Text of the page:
Study suggests race adjustment unnecessary for alpha fetoprotein prenatal testing

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University of Washington (UW) School of Medicine researchers recommend discontinuation of a race-based adjustment to test-result values from a common prenatal screening.

The research, published last week in Obstetrics and Gynecology, questioned the decades-old practice of routinely adjusting alpha fetoprotein (AFP) values by approximately 10% for Black mothers.

AFP, a protein normally made by the baby’s liver, crosses the placenta into the mother’s blood serum. By the 1970s, maternal AFP measurements had become the go-to prenatal screening test for increased risk of Down syndrome, trisomy 18, or spina bifida. Other conditions, such as maternal weight, smoking status, diabetes, and chronic hypertension, were eventually also found to change AFP serum concentrations. At the time, race was also considered a mitigating factor; this has persisted in AFP test interpretation ever since.

A retrospective review of 27,710 medical records at UW Medicine hospitals evaluated AFP levels in pregnant patients between January 2007 and December 2020. Of these patients, 26,050 were non-Black and 1,660 were Black. All were lower-risk pregnancies with no diabetes, tobacco use, or multiple gestations. Linear regression models adjusted for gestational age and weight differences. The large data set enabled the researchers to confirm their hypothesis that there were no clinical measurable differences in maternal serum AFP between non-Black and Black patients.

Despite improvements in ultrasound technology and cell-free DNA testing at the forefront of more recent prenatal screening, AFP screening is still used to provide valuable information about pregnancy risks for patients with limited access to these newer tests. The historically-used adjustment for Black patients could potentially miss a case of spina bifida or incorrectly indicate Down syndrome. UW Medicine halted this practice about six months ago for prenatal screening tests, instructing its labs not to shift AFP values for Black mothers.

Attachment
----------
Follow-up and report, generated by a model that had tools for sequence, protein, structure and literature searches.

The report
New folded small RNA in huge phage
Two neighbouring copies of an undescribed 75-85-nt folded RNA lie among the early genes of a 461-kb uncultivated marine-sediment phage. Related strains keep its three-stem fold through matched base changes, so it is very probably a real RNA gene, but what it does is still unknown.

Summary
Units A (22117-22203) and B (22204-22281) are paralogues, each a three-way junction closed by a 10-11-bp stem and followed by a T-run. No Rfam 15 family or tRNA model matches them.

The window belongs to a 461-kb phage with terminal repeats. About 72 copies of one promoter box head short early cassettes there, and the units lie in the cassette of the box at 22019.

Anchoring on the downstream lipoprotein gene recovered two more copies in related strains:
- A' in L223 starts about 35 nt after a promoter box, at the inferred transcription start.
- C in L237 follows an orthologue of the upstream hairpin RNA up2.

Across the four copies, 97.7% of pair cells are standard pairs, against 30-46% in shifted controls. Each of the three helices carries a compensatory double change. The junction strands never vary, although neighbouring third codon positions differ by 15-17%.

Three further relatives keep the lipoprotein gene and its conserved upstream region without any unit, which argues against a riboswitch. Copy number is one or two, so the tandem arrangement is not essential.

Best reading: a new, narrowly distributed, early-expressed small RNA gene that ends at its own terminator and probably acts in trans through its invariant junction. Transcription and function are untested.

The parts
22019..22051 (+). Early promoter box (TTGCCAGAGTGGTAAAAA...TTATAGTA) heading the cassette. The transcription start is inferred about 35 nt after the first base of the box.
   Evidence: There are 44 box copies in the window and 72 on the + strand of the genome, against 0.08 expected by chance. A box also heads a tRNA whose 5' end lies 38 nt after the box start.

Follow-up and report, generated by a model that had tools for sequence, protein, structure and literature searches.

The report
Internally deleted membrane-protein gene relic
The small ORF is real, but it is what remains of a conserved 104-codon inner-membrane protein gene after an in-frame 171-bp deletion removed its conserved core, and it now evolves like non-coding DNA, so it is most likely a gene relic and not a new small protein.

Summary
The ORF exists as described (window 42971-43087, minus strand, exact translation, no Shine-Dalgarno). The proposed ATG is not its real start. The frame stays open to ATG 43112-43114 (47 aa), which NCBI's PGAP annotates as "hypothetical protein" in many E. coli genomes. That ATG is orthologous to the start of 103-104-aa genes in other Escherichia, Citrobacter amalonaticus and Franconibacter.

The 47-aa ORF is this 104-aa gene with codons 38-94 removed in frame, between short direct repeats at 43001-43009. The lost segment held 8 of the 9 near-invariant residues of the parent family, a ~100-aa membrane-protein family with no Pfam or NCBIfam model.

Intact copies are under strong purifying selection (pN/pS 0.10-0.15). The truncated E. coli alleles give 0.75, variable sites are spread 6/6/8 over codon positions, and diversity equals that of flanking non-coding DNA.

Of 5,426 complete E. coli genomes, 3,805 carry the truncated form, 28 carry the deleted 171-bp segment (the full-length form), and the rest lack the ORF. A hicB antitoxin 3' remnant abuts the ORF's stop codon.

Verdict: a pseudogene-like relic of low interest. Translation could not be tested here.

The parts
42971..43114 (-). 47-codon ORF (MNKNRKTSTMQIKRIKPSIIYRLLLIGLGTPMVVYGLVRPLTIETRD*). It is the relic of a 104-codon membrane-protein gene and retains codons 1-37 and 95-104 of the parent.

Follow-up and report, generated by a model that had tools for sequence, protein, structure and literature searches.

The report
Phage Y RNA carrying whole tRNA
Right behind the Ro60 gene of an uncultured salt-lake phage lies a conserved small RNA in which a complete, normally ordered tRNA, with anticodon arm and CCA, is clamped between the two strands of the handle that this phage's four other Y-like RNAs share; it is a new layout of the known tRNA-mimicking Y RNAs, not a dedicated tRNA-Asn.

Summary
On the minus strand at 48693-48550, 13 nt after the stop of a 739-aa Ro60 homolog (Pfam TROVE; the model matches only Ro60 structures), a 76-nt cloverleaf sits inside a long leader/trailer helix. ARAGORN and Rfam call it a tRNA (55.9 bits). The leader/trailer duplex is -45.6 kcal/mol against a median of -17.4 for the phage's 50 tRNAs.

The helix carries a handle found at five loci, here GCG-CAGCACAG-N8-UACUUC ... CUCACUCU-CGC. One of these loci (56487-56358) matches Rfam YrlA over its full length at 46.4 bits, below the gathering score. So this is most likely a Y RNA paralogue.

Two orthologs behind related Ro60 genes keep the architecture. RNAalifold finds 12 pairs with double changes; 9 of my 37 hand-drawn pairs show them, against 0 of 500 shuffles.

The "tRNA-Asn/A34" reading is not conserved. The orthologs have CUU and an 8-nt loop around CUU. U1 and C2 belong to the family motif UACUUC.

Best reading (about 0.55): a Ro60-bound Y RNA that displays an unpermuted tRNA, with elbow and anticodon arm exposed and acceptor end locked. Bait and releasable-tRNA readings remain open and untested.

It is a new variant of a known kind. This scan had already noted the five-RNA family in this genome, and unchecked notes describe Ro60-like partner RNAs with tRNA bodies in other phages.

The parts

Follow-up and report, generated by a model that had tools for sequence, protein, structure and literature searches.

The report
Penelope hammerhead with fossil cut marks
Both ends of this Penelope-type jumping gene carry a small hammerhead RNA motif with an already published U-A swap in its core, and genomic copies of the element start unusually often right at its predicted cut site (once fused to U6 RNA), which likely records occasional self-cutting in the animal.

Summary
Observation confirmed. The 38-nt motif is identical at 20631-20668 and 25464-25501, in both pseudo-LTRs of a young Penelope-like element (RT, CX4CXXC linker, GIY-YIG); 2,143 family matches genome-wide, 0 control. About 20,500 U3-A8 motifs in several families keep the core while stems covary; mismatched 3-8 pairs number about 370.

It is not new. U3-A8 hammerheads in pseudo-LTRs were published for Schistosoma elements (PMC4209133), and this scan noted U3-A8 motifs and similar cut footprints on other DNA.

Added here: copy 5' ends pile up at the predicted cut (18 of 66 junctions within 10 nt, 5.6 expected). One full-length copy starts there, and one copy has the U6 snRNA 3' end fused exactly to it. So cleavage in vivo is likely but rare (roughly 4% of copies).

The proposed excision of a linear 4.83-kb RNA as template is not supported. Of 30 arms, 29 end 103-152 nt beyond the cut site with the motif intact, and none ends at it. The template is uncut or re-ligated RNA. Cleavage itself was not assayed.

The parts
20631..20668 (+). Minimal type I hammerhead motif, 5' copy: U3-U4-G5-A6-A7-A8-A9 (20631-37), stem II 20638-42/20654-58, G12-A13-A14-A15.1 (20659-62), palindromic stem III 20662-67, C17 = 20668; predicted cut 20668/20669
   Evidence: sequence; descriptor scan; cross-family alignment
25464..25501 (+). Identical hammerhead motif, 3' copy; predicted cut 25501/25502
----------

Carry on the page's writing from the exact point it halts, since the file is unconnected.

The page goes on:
The researchers conclude that the continued inclusion of race to adjust serum AFP values, rather than obesity, tobacco use, diabetes, lack of folic acid, or other plausible biological risk factors, reflects the misrepresentation of race as a biological factor, rather than a social construct in medicine. They recommend that non-white expectant mothers ask their providers what tests they are prescribing and why, and whether their test results will be adjusted for race.

“We need an awareness that race-based corrections slink into medicine in many ways, and providers may not be aware they exist or that labs are making these corrections,” said UW senior author Dr. Shani Delaney in a statement. “While there are well established differences of medical outcomes by race, we can’t use race as a proxy for genetics or biology; instead we need to look at the underlying social determinants which lead to those outcomes.”

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